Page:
Hero worship

I honestly don’t care for the naming convention, but for lack of a better one we’ll just roll with it. It’s a fairly typical design component: a big image with some text overlaid. Because it’s often implemented in a ‘use with everything’ sort of intent, in most cases the text is a solid color and placed on a semi-transparent block in order to ensure enough contrast between text and image. But new CSS tricks like ‘mix-blend-mode’ we can try different effects to get the text to stand out from the image behind it without having to resort to heavy-handed blocks of color.

Image of Tristand and Tillie, with text overlaid on it
The title text is overlaid (Morning, mist, and magic) using a mixed-blend-mode to help the text stand out
/* these two attributes are the key to ensuring visibility */
.hero--title {
  color: rgba(205,205,205,.75);
  mix-blend-mode: difference;


Mixed, not stirred

The second example is making use of  the ‘mixed-blend-mode’ attribute to create a really interesting interaction between the background image and foreground text in a slightly different way. In this example, the background color of the text element is interacting with them image underneath along with the text color itself. This creates a bit moodier sort of effect. You can play around with different keyword values for blending as well as the color values for background and text. Possibilities are pretty endless.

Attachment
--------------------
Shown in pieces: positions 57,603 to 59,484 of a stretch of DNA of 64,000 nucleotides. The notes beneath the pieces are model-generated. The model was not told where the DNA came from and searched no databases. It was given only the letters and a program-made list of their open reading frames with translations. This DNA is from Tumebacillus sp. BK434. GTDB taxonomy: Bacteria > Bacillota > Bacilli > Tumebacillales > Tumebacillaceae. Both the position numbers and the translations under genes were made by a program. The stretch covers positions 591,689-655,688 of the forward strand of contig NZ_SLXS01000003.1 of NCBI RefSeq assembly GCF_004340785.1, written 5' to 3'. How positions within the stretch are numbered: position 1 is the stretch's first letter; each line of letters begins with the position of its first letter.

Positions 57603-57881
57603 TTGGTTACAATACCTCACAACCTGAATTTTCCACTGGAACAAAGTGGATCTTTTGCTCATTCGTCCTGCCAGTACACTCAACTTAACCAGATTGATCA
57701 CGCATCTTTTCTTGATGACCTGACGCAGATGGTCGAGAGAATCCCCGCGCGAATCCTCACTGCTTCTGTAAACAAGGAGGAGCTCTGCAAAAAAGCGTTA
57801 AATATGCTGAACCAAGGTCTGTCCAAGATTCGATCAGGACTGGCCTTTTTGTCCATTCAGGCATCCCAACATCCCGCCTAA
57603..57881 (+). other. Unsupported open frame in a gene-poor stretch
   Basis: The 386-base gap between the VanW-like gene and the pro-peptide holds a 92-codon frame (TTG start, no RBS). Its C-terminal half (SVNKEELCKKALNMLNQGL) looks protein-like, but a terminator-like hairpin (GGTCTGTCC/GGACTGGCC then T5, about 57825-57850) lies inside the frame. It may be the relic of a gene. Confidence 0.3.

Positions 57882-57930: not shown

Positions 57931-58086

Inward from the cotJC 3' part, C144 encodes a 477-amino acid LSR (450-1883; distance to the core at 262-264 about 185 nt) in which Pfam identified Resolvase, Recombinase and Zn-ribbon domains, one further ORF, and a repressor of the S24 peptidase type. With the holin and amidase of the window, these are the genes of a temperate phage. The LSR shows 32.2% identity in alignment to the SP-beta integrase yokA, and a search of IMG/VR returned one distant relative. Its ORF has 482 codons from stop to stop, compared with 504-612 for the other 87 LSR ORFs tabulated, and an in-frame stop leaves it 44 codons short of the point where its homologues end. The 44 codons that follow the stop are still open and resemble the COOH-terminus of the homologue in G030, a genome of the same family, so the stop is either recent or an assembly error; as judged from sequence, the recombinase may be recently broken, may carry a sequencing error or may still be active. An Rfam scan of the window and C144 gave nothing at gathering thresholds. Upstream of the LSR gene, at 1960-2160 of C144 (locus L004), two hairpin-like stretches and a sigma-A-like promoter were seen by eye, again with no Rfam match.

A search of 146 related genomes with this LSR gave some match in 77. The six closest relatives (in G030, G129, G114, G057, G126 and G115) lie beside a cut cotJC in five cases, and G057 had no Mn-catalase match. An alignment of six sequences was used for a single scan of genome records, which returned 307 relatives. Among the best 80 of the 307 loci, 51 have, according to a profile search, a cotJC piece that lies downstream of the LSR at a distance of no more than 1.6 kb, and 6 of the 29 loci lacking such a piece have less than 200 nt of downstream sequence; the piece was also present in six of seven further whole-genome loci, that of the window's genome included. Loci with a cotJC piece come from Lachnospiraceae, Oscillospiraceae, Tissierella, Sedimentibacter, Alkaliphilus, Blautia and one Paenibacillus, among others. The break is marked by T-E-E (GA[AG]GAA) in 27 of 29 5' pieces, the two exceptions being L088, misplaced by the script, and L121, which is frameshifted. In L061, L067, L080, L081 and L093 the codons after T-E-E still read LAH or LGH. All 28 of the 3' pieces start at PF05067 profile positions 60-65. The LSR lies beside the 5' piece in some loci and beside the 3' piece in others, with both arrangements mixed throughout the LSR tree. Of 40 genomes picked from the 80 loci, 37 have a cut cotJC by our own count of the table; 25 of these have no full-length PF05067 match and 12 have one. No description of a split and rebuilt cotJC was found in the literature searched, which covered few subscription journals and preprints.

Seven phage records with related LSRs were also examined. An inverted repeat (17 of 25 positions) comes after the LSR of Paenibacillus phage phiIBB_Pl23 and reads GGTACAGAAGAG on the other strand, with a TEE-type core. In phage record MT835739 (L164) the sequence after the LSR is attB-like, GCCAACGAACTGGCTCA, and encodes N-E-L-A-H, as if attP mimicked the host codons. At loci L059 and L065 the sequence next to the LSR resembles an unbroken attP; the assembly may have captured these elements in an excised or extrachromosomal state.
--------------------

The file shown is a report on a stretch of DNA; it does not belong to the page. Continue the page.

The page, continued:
The code is pretty straightforward: the keys are sizing the time in a scalable way and leveraging the mixed-blend-mode attribute.

Text overlaid on the image using a blend mode
A mixed-blend-mode creates a strong, moody effect
.title-filled {
  background: url(;
  background-size: cover;

.title-filled--title {
  background: rgba(0, 0, 0, .75);
  color: #fff;
  mix-blend-mode: multiply;

Just the text, ma’am (or mister)

If you’ve got a chunky enough font and a shallow enough image, you might want to give the third method a try. This one leverages ‘background-clip: text’ (and the vendor-prefixed version for Safari and Chrome) to fill the letterforms with the image. It can be really stunning, and often brings out fascinating interactions between image details and glyph shapes.

Text filled with the clipped image
Text clipping is working nicely in many modern browsers
.title-clipped--title {
  background: url(;
  background-size: cover;
  -webkit-background-clip: text;
  background-clip: text;
  color: transparent;

Bear in mind that in order to get clipping to work in Safari and Chrome, you have to include the '-webkit' prefixed line as well.

These effects aren’t for everyone, or for every layout. But it’s not that much CSS, so the idea of making it an optional style doesn’t seem so far-fetched. And it could go a long way towards breaking away from the Sea of Same we find on the web.


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If the typeface in this message has Georgia on your mind, you're not seeing the web fonts :( I'm hoping that you're seeing it set in the lovely Roslindale (Display Condensed and Text) designed by the amazing David Jonathan Ross for his You should check it out!